Since the United States, Canada and Mexico agreed to become a single market as part of NAFTA in 1993, their trade with one another is increasing. However, the Caribbean ACP states are suffering from the impact of that success and finding it very difficult to compete, because they are not members of the agreement. A number of sectors of the economy, from textiles to sugar cane are losing jobs, markets and income as a result of NAFTA. This is because capital and investment possibilities are going to Mexico rather than the Caribbean Basin, as Mexico can now export its products to the United States duty free, which makes it more profitable for industry to operate from Mexico.

The negative effect on the Caribbean of NAFTA was widely expected before the treaty was agreed in 1993, and as a consequence the US made an undertaking that it would try to reduce the damaging effects of NAFTA by extending similar trade preferences to the region.

However, plans by President Clinton to give the Caribbean "NAFTA parity" have been unsuccessful in the light of Congressional opposition, the members of which are uncertain of the benefits free-trade arrangements can bring to the United States. Of particular interest is the case of Mexico, where trade with the US has gone from a slight deficit to a large surplus. This has dampened down the enthusiasm the US once had for extending similar trade agreements to its poor Southern neighbours.

In addition, Brazil, a significant player in developing a FTAA, does not want to be hurried into further trade deals. Since opening up its economy, it has suffered from a large trade deficit. "Brazilian industry was subjected to an intense competitive shock, without that opening being reciprocated" Luiz Felipe Lampreia, the country's foreign minister has argued. It was "not reasonable", he has said, to expect the country to embark swiftly on further market opening (The Economist, 1 March 1997). "Rather, Brazil first wants to consolidate MERCOSUR."

Notwithstanding the problems surrounding the expansion of NAFTA/FTAA, US officials have argued that Caribbean ACP countries are to blame for their economic difficulties rather than the trade rules with regard to NAFTA. In the case of Jamaica (one of the Caribbean countries most ready to join NAFTA) US representatives have highlighted the revaluation of the Jamaican currency that increased its value by 12.5% in 1996, making their country's products more expensive, and a range of regulatory obstacles that have damaged the country's economic standing (International Herald Tribune, 31 January 1997).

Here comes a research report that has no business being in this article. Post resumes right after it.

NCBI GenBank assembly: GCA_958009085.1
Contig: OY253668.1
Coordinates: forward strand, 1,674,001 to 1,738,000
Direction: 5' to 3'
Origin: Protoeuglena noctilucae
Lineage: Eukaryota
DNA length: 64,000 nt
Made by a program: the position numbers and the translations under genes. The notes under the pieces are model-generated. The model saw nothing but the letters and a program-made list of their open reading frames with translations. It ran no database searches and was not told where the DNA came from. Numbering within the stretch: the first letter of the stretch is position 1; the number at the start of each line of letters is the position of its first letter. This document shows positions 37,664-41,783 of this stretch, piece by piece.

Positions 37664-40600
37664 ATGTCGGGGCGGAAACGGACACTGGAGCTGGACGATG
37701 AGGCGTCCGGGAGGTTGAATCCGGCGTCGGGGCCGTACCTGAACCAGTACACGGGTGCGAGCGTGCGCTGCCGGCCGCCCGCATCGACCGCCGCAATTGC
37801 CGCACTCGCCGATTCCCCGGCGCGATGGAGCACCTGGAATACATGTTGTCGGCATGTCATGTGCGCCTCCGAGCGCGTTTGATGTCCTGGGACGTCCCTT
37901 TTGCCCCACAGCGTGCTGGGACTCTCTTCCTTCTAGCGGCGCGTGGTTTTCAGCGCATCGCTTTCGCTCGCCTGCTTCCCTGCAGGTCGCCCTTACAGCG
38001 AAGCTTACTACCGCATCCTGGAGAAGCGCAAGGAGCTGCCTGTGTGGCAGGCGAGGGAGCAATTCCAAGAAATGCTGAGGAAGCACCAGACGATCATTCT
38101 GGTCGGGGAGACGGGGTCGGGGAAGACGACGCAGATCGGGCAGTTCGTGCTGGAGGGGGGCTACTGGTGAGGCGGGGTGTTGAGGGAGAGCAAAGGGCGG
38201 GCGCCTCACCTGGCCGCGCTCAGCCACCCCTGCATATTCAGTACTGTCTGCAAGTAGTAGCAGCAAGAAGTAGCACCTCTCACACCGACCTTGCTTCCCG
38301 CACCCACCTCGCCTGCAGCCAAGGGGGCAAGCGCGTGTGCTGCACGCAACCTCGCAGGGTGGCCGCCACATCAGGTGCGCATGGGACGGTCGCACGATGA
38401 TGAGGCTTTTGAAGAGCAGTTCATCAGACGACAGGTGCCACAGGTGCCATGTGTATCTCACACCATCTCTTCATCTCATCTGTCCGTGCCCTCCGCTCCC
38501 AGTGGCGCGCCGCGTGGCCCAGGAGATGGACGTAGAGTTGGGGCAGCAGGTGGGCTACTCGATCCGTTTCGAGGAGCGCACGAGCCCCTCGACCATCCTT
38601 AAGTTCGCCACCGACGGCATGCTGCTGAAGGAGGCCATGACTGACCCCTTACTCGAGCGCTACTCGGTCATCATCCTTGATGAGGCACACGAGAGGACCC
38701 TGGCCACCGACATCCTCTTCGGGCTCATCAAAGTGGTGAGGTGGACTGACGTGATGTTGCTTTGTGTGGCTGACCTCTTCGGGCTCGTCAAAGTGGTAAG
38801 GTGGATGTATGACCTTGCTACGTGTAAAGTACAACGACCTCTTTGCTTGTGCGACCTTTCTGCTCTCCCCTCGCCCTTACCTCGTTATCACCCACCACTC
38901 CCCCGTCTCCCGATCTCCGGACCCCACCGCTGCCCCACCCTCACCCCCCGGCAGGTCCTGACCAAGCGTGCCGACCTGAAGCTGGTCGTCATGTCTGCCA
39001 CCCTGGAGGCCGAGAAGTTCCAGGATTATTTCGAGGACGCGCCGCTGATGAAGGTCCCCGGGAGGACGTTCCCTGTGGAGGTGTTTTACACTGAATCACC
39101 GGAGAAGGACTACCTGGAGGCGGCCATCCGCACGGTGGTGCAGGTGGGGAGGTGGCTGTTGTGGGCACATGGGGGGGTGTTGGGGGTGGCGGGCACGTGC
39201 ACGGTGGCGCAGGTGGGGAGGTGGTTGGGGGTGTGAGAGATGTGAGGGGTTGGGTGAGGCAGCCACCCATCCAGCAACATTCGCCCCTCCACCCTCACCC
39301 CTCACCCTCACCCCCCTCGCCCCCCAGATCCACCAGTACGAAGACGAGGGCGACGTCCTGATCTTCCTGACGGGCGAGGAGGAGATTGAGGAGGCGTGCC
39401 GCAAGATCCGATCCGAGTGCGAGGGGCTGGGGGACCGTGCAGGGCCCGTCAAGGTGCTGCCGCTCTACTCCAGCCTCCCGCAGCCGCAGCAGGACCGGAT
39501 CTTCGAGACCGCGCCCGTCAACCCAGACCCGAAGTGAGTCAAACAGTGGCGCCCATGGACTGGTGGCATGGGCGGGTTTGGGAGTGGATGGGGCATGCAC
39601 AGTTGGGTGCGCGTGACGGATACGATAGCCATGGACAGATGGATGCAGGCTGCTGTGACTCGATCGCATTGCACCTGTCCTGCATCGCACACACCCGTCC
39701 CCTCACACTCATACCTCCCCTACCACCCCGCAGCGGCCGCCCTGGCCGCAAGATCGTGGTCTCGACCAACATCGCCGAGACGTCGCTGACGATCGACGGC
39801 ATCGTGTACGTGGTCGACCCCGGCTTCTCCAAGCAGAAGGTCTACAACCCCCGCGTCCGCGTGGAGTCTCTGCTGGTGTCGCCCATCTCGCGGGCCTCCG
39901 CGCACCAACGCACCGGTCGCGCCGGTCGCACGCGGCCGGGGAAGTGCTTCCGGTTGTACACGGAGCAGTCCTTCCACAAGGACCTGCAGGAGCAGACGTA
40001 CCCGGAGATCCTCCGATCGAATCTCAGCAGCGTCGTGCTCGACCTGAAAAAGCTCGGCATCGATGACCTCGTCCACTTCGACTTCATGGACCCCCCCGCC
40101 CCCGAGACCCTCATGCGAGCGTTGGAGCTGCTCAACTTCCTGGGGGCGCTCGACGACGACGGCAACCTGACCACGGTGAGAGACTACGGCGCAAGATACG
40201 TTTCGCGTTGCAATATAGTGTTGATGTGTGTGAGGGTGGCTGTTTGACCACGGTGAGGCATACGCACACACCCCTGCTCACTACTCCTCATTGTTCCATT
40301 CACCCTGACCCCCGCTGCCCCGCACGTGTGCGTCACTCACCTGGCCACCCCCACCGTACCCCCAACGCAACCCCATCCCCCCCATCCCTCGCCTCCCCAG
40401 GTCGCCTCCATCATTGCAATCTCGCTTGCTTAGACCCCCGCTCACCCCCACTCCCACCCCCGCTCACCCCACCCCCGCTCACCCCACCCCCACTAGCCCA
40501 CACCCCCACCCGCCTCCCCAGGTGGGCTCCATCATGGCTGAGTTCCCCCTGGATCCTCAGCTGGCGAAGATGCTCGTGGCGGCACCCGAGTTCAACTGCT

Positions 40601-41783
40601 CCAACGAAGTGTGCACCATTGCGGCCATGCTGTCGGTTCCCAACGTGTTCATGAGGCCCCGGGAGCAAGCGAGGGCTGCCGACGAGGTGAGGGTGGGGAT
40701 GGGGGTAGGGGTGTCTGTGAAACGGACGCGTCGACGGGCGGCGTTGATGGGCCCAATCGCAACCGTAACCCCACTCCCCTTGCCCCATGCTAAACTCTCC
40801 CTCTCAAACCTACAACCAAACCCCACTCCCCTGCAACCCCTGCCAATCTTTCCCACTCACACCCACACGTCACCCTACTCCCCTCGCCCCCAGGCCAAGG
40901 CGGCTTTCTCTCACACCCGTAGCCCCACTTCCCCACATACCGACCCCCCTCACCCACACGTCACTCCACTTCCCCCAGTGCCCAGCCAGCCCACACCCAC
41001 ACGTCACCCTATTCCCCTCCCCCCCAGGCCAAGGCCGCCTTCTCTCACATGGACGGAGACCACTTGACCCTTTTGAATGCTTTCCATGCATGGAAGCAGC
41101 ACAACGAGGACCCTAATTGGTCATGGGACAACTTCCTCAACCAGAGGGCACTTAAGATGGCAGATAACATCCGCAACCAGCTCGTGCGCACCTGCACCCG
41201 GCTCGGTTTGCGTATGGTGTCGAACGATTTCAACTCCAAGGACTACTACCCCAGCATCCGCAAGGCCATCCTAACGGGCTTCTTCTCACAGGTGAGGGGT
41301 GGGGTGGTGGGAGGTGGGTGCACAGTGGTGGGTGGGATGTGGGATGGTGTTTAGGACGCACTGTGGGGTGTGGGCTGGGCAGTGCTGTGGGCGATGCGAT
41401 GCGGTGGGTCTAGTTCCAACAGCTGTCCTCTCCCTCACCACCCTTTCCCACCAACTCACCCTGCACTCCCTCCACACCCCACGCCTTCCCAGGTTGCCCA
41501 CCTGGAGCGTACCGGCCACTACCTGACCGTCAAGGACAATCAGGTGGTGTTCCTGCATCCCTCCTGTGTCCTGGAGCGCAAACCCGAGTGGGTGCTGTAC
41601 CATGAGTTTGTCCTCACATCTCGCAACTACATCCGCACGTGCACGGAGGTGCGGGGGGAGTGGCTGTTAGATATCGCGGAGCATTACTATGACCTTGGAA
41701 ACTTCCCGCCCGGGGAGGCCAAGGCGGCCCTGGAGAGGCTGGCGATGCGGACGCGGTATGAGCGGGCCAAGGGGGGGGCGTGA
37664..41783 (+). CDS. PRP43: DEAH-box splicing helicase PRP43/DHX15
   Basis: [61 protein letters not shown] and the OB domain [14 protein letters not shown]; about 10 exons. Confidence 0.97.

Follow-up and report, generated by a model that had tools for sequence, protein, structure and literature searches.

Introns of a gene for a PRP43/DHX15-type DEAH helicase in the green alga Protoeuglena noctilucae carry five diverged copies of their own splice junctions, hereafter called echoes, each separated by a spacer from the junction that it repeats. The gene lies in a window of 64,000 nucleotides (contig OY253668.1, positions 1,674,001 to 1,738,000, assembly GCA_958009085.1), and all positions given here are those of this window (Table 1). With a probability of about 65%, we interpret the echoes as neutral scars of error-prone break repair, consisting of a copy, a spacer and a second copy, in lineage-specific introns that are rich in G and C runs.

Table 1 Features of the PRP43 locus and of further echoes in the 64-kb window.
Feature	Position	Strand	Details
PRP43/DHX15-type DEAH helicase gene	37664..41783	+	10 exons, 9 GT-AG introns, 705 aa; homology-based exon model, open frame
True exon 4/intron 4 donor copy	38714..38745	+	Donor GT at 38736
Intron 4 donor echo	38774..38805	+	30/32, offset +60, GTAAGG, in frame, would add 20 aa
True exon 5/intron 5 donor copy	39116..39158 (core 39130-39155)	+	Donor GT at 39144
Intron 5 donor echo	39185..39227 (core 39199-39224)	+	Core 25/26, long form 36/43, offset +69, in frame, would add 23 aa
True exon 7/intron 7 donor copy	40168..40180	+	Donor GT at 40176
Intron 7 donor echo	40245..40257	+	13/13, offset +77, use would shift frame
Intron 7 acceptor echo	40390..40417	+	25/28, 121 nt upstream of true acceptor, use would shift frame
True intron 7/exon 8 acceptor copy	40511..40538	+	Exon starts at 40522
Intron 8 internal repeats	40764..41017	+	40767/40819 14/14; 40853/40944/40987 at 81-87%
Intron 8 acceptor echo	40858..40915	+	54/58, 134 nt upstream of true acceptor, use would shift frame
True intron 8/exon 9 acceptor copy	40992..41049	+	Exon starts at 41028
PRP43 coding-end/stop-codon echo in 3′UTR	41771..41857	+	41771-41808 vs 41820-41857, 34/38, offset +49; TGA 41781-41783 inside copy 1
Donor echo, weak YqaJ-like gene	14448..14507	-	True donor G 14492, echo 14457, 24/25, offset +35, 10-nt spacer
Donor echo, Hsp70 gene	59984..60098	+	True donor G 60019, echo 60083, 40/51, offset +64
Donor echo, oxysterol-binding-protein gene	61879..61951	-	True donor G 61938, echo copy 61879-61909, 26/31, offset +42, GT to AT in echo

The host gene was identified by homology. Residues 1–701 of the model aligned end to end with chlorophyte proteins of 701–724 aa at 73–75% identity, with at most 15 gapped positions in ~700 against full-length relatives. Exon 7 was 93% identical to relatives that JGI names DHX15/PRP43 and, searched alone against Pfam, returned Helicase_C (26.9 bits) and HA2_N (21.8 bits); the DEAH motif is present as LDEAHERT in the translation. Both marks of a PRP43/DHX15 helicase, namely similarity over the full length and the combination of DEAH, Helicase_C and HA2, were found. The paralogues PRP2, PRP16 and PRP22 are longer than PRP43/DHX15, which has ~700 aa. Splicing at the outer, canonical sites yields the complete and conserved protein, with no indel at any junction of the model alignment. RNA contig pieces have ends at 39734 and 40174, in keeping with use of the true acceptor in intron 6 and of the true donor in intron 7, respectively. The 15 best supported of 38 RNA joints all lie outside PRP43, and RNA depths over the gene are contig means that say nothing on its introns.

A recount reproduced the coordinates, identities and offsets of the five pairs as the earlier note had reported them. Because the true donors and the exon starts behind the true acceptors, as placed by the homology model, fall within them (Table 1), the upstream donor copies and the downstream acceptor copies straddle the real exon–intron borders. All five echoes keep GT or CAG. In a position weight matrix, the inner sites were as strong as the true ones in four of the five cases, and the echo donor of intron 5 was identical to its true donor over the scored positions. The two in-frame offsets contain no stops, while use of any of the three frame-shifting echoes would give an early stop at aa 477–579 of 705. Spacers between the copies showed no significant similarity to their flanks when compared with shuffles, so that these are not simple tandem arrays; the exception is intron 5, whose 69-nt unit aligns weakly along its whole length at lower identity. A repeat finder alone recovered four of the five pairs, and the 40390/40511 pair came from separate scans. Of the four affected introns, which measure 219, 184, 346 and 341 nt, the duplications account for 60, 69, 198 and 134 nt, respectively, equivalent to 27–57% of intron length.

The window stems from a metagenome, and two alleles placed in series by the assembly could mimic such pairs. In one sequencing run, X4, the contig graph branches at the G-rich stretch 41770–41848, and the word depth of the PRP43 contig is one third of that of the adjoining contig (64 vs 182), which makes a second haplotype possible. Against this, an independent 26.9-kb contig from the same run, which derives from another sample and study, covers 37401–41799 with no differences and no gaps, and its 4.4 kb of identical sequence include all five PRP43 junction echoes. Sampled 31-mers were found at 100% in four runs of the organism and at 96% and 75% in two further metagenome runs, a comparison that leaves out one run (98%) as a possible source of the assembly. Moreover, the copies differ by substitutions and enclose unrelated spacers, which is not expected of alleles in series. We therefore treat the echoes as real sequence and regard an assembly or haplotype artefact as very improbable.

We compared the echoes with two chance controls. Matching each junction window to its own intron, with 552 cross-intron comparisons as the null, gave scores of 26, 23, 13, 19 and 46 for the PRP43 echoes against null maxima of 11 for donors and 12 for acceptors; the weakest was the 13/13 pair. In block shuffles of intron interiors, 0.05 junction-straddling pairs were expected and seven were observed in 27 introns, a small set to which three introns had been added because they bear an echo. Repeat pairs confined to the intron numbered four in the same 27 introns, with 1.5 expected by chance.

This is despite Jamaica and other Caribbean ACP countries carrying out economic retrenchment, including selling state companies, reducing budget deficits and increasing foreign reserves, all having been done at a high social cost.

It is apparent therefore that during the period of uncertainty for the ACP Caribbean with regard to the development of a Free Trade Agreement of the Americas, the EU within a revised Lomé framework would be crucial in providing a degree of stability and reassurance for the region.


Conclusion


It is evident that there are a myriad of influences that are affecting the Caribbean ACP-EU relationship including global liberalisation, the reduction in tariff levels, and the increased competition faced by the Caribbean ACP in their "preferred markets". There are tremendous pressures being encountered to reform, transform or even end the relationship as it now stands. Even if the basis of the relationship is altered, there are a number of issues that can sustain a post-2000 Caribbean ACP-EU relationship. The trade and aid pillars of the Lomé Convention that will probably continue in a revised form, at least for the early years of the century, will assist the Caribbean ACP in managing its economic transition by encouraging export diversification, more open and competitive trading, while also assisting to mitigate the worst of the Caribbean's social problems that are apparent and will probably worsen as economic restructuring takes place. Furthermore, the relationship could provide a degree of stability for the Caribbean ACP countries to prevent them from being marginalised or undermined as an American free trade area is slowly constructed.